Cables (not shown) run through camera arm 790 to provide power, pan, zoom, tilt, focus, white balance, and iris signals to, and video signals from camera 108. These cables terminate in an electrical connector (not shown) located adjacent to mechanical coupling 753 for coupling cables of camera arm 790 to a connector (not shown) located adjacent mechanical coupling 751 of multi-purpose receptacle 745. Slip rings of the type described with regard to monitor arm 748 facilitate rotation of components of camera arm 790 relative to each other.

Multi-purpose receptacle 745 is provided with radial holes to permit passage of cables therethrough for coupling to cables within camera arm. When the camera 108 and camera mount 811 may be remotely controlled, such cable contains fourteen wires (not shown). These wires provide power, pan, zoom, tilt, focus, white balance, and iris signals to, and video signals from camera 108, when camera arm 790 is attached to multi-purpose receptacle 745 and an indicator signal to indicate whether the cable is carrying signals for a monitor or camera. It should be understood that all cameras 108 attached to camera arms will not have mounts and mechanisms facilitating remote control of panning, zooming, tilting, white balancing, and iris adjustment.

Referring to FIGS. 21-26, two embodiments of controls for a surgical theater system are shown. As will be explained in detail hereafter, a surgical theater system is provided with a video monitor mounted to an arm extending from the hub of the surgical theater system. The monitor is adapted to display images received from a plurality of video inputs coupled to a plurality of video devices. A controller is coupled between the plurality of video inputs and the monitor to control the image that is displayed on the monitor. The controller may include switches mounted away from, but coupled to, the surgical theater system hub and switches mounted to the monitor arm or the monitor for selecting the video input providing the image displayed by the monitor.

Controls facilitate selectively displaying images from a plurality of video devices 592. Each of the embodiments includes a selector control panel 585 and 636 having an input control panel 608 and 638 and an output panel 610. Each input control panel 608 and 638 includes a plurality of connectors 586, 588, 590 configured for coupling to a plurality of video devices 592 providing a video feed, selector buttons 594, 640, 642 for selecting which connector 586, 588, 590 is active, and indicator lights 596, 598, 600 indicating the active connector. Each output panel 610 includes a plurality of connectors 616, 618, 620 configured to be coupled to a monitor or video display device located remotely from the surgical theater system (not shown). Each embodiment allows a video feed from a camera 108 mounted to the surgical theater system 10 or a remote video device to be displayed on the monitors 42 and 44 of the surgical theater system or on remote monitors or video displays coupled to the output panel 610.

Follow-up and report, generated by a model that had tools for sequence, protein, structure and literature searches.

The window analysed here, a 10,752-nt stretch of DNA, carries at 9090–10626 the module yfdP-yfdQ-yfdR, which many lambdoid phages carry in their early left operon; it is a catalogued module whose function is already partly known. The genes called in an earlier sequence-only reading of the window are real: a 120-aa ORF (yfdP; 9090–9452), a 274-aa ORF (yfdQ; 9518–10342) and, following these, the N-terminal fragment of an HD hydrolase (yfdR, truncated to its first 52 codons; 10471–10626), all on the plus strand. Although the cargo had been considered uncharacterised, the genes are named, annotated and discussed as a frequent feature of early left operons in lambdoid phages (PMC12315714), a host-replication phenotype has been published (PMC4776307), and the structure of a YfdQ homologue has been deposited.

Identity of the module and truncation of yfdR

In the preferred embodiment, shown, for example, in FIGS. 21-24, a remotely mounted selector control panel 585 includes a multi-channel input panel 608, an output panel 610, and monitor input selector panel 595. The multi-channel input panel 608 is coupled to one or two monitors 42 and 44 coupled to the hub of the surgical theater system. In the illustrated embodiment, four channels 581-584 are provided through which video signals from a plurality of video devices 592 are transmitted.

As shown for example in FIGS. 21-24, selector device 580 includes a selector control panel 585, a power supply 622, and a switcher 632. Selector control panel 585 includes a multi-channel input selector panel 608 having four channels, referred to hereinafter as channels 1-4 (581, 582, 583, 584 respectively). Each channel 581-584 includes three different types of video connectors, i.e. a y-c connector 586 (shown as squares in FIG. 24), a composite connector 588 (shown as triangles in FIG. 24), and an RGB connector 590 (shown as circles in FIG. 24), to facilitate coupling a wide variety of video input devices 592 to each channel 581-584. Each channel 581-584 includes a selector switch 594 permitting the user to select between available connectors 586, 588, 590 to designate an active connector providing the video feed for that channel.

When a video device 592 is plugged into one of the channels 581-584, the connector of the video device 592 is coupled to the similarly configured connector 586, 588, 590 of the channel 581-584, as shown, for example, in FIG. 24. The appropriate connector 586, 588, 590 is selected as the active connector corresponding to the connector 586, 588, 590 to which the video device 592 is coupled by toggling of the selector switch 594. Indicator lights 596, 598, 600, such as LEDs, are provided adjacent to each connector 586, 588, 590 of each channel 581-584. When a specific connector 586, 588, 590 is selected as the active connector, the indicator light 596, 598, 600 corresponding to that connector 586, 588, 590 is lit.